The Eastern Lubber Grasshopper: Hard to Miss, But Only an Occasional Pest
Many entomologists, and plenty of biology students who have pursued other callings, know the eastern lubber grasshopper (Romalea microptera) inside and out—literally, because there’s a good chance it was the first insect they dissected in a school lab.
Throughout the southeastern United States, it’s also a common sight in swamps, woodlands, fields, and ditches. And, for the completely uninitiated, the eastern lubber aligns closely with what might be deemed a “classic” image of a grasshopper.
Even Timothy Schowalter, Ph.D., professor of entomology at the Louisiana State University Agricultural Center, distinctly remembers catching his first R. microptera as a “young, budding entomologist” at just 10 years old, while on a family vacation.
“I collected a specimen at Bellingrath Gardens in Mobile, Alabama. I was somewhat frightened but also fascinated by its hissing, foaming, and scratching. My mother, who was very supportive of my interest in nature, accommodated me by carrying it in her hand most of the way through the gardens,” he says. “I still have that specimen.”
Today, Schowalter often gets calls at the LSU Ag Center from members of the public asking whether the eastern lubber is dangerous to humans or plants. Given its size (females can reach 3.5 inches long), its often bold coloration, and those ostentatious defensive behaviors, that concern is perhaps not surprising. But Schowalter assures callers that the eastern lubber grasshopper is harmless to humans, and in fact it’s only rarely a pest of concern to plants.
But that volume of questions is enough that Schowalter sought to assemble a profile of the eastern lubber grasshopper in the Journal of Integrated Pest Management, published earlier this month, to allay concerns and offer IPM pros a handy outline of R. microptera‘s biology and management options, if and when necessary.
In its adult stage, the eastern lubber grasshopper’s color pattern serves as a warning to predators, though the particular colors vary across its range: mostly yellowish in eastern areas but mostly black with red or yellow markings in western areas, and a blend of the two in regions between. Should a predator still get too close, the eastern lubber issues further warnings: spreading its wings, hissing by expelling air from its spiracles, secreting a foul-smelling froth, and vomiting.
“The bottom line is that this grasshopper presents a really frightening appearance, but contrary to the concern expressed by many callers, its defenses are targeted to insectivorous vertebrates, and it is harmless to humans,” Schowalter says.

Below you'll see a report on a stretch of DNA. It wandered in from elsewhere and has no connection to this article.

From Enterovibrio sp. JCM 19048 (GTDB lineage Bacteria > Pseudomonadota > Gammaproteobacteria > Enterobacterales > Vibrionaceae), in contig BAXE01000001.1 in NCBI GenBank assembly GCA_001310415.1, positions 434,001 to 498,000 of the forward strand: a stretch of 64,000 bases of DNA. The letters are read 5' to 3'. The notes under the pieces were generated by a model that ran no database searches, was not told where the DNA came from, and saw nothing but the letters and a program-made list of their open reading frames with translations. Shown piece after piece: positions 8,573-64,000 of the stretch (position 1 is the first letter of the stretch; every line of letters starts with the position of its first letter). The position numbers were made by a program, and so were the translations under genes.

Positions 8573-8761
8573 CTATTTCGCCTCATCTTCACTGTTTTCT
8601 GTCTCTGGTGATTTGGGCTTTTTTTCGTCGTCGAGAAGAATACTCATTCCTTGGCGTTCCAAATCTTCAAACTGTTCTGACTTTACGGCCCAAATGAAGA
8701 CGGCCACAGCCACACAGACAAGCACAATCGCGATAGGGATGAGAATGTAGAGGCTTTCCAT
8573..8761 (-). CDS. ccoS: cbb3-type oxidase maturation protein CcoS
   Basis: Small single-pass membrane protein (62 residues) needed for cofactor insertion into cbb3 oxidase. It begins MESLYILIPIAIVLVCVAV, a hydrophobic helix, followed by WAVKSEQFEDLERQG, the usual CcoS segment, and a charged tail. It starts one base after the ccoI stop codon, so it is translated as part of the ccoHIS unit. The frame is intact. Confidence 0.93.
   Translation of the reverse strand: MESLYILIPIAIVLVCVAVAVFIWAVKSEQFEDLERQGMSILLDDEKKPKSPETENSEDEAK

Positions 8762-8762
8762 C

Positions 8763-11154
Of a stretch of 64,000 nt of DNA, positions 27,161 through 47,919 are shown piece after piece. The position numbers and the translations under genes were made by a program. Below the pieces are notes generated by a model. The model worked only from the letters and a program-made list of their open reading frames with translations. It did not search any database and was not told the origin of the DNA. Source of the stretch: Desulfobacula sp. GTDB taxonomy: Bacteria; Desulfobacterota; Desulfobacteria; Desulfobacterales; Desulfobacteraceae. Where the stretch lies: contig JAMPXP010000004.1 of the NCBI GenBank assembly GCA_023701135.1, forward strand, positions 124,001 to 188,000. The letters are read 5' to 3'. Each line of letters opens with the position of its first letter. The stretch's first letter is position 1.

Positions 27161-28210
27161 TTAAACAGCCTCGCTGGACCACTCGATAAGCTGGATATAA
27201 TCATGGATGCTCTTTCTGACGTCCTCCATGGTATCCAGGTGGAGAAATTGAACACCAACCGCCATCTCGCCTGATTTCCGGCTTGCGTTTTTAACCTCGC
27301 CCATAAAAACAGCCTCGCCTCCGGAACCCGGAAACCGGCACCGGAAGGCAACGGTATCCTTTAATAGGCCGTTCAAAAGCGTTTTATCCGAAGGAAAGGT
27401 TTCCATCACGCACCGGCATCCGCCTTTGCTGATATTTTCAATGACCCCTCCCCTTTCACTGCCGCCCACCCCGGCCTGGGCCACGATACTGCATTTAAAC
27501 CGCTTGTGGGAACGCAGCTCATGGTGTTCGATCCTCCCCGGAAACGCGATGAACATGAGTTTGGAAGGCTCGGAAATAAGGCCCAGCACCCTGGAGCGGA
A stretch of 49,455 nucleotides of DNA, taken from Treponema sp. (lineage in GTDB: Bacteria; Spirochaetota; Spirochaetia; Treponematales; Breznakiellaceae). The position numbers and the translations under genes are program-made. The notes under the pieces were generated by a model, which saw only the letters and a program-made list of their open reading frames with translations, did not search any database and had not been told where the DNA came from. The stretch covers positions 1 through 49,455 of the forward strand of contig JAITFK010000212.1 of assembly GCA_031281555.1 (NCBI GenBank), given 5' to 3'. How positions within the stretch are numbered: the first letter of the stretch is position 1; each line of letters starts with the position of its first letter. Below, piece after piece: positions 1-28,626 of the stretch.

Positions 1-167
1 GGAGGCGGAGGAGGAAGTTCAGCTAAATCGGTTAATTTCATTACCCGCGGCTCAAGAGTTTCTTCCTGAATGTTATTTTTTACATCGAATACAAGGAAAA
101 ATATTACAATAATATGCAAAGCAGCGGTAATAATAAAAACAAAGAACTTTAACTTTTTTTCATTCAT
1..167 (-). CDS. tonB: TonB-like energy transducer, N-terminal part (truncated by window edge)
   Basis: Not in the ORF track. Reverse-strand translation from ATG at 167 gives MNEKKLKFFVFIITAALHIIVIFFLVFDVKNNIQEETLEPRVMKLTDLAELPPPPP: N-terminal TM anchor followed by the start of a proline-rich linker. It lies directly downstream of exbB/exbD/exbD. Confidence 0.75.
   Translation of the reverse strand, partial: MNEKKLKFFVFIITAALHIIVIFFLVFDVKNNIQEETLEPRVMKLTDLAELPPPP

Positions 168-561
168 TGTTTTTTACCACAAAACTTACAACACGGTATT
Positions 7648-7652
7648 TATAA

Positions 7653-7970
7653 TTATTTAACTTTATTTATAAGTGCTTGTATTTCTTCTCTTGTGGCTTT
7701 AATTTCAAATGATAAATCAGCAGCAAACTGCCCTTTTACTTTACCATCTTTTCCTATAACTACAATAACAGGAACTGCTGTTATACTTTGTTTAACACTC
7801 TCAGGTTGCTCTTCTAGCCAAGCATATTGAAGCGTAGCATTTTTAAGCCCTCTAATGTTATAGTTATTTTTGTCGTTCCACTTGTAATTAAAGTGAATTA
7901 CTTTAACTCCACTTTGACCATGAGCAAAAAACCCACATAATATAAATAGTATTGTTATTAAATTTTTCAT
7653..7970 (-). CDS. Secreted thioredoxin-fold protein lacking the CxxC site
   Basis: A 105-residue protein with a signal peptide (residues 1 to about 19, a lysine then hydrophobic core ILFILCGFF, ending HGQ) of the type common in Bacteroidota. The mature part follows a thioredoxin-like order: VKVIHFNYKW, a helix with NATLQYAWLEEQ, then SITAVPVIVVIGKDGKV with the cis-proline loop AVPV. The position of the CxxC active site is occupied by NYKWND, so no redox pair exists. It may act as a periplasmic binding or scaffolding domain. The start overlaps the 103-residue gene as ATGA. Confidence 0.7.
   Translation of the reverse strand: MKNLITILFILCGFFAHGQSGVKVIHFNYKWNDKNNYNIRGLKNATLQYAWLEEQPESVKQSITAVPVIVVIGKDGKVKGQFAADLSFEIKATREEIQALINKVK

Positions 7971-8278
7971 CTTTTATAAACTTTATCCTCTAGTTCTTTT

Eastern lubbers are gregarious and feed on a wide range of plants. Among agricultural settings, young citrus orchards can be vulnerable to damage from the grasshoppers; elsewhere, they pose more cosmetic damage to landscape plants or gardens in residential areas near the species’ natural habitats.
Because of the eastern lubber’s size, most commonly used chemical insecticides aren’t effective, Schowalter says, and so other management methods are more useful: mowing bordering vegetation, choosing ornamental plants that lubbers tend not to feed on, and even hand-picking them from plants. In orchards near lubber habitats, insecticide baits can be effective, and an insecticide spray around the border can prevent the flightless grasshoppers from entering.
For its own defenses, the eastern lubber grasshopper sequesters and synthesizes chemicals from the plants it eats, turning them into toxic secretions that predators learn quickly to avoid. The monarch butterfly is a primary example of this capability, but Schowalter says the eastern lubber grasshopper “displays a much wider variety of chemical sequestration.”
Schowalter might not have known about chemical sequestration when he collected his first eastern lubber grasshopper at age 10, but the species continues to fascinate: “Its similarity to the black and red horse lubber, Taeniopoda eques, which occurs in Arizona and south to Central America, begs for molecular analysis,” he adds, “to see what factors have influenced the cline in coloration and if the eastern lubber and horse lubber might at one time have represented continuation of this cline westward but become isolated and distinct as a result of some barrier between eastern Texas and Arizona.”
Journal of Integrated Pest Management